Good news about sharing the good news

August 18th, 2014

I feel like I’m twelve years old, riding through my neighborhood on bikes with my buddies. The click of gears, the occasional laughter, the roar of wind in my ears on a nice stretch of downhill, all of it sends me back in time. This happens every week with our evening social ride, where between 30 and 100 cyclists roll through scenic (and mostly flat) sections of our city. Occasionally I feel a rush of euphoria as I realize, “I’m doing evangelism! This is ministry!”

Ministry isn’t always fun, of course. There are sad hospital visits, technical sound system issues that no seminary could (or should) train you to address, gut-wrenching ethical dilemmas, and interpersonal diplomacy. Sometimes these can be fulfilling, too. But navigating through town with 100 friends is one of the highlights of my week.

Before I started planting our church, I had often heard other Christian leaders talk about the importance of being out in the community. “Pastors spend far too much time in their offices!” they would say. The most important job of a church planter is networking and making new contacts. They would talk about doing evangelism on the golf course. I would roll my eyes. “How convenient,” I thought.

But I had also preached, more than once, on the nature of call. I’d used the Frederick Beuchner quotation about your vocation being where your deep gladness meets the world’s deep need. I had told church members that ministry should be a joy, not a burden. I told them that the Holy Spirit had given them unique spiritual gifts they could use in ministry to the church and the world, and if they used their gifts in ministry, they would feel joy and fulfillment—not drudgery.

I hadn’t actually realized the same thing applied to me.

Maybe you already get this, but for me it was a forehead-slapping revelation: God wants me to enjoy ministry. I, too, have been given spiritual gifts and passions to do ministry in my own context. Using those passions and gifts is fulfilling—and fun!

I do my best evangelism when I’m doing things I love with people I love. It’s not the in-your-face evangelism of knocking on doors and passing out tracts, but the natural evangelism that happens when you share experiences and food with other people. God made us social animals, and we share the gospel best when we are doing our social things. I suspect that’s why the Gospel of Luke reads like one long progressive dinner, with Jesus eating at someone else’s table in nearly every other chapter. Sharing good food with good friends is part of what makes meaning and memories in our lives. In the ancient world it was a symbol of shalom and a metaphor for the Kingdom of God. This is where the deep conversations happen. It’s also where you share the best jokes.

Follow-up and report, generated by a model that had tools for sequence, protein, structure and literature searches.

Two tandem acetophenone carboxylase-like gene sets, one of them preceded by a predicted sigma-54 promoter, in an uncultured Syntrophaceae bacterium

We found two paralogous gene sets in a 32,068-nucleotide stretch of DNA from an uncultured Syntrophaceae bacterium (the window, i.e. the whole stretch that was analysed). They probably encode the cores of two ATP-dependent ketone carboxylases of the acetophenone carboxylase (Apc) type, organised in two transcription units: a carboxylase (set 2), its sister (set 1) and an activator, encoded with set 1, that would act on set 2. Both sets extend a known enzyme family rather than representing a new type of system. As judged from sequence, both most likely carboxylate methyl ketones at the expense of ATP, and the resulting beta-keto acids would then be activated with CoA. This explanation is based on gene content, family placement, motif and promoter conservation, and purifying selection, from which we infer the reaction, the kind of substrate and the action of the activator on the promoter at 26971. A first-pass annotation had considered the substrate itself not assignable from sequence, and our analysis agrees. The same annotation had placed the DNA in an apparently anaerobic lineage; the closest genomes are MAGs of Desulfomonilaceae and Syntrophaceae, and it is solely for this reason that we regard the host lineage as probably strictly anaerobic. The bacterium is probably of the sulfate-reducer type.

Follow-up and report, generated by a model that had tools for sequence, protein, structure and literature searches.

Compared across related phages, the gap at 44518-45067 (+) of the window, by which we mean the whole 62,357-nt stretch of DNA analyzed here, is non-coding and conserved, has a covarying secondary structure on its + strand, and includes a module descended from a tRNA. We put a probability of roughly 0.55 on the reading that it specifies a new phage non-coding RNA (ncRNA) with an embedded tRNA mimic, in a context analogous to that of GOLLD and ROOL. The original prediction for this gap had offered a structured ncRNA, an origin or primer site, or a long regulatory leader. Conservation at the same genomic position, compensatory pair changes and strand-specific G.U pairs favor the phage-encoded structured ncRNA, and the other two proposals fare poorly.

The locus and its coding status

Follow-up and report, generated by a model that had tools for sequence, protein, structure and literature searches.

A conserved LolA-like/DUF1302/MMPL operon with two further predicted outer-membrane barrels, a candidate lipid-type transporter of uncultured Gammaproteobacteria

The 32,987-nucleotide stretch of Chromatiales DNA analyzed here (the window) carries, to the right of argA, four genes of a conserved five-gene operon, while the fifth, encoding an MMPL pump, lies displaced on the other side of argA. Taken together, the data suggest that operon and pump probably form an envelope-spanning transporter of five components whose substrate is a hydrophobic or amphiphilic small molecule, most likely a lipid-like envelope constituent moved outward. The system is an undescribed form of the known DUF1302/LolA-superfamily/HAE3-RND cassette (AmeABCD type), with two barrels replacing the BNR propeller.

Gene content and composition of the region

This doesn’t mean that I use my relationships or my recreational activities in a mercenary way. I’m not hanging out with people in order to proselytize. Sometimes people strike up religious conversations with me, and I enjoy sharing my faith when other people are interested in it. But there are no ulterior motives. I love biking and I love people. Simple. (Well… I love most people. Most of the time.) I don’t pull out a timer and “clock in” when I start talking about Jesus or my church, as if the socializing part was play, but the evangelizing part is real work.

If part of my job as a pastor is to lead my congregation in evangelism, it means I cannot spend all of my time around church people doing ministry as a job. I also need to be doing the ministry I enjoy: joining clubs, taking classes, participating in book groups, going to parties, or playing dominoes in the park. Not only is this part of self-care, it’s part of ministry! If I played golf, I’d need to be out on the golf course.

Ministry doesn’t always mean bearing a cross. It can also mean bearing a light burden. Evangelism often means doing the things I love that help me come into contact with the people Jesus loves. It is such a relief to hear this good news about sharing the Good News.

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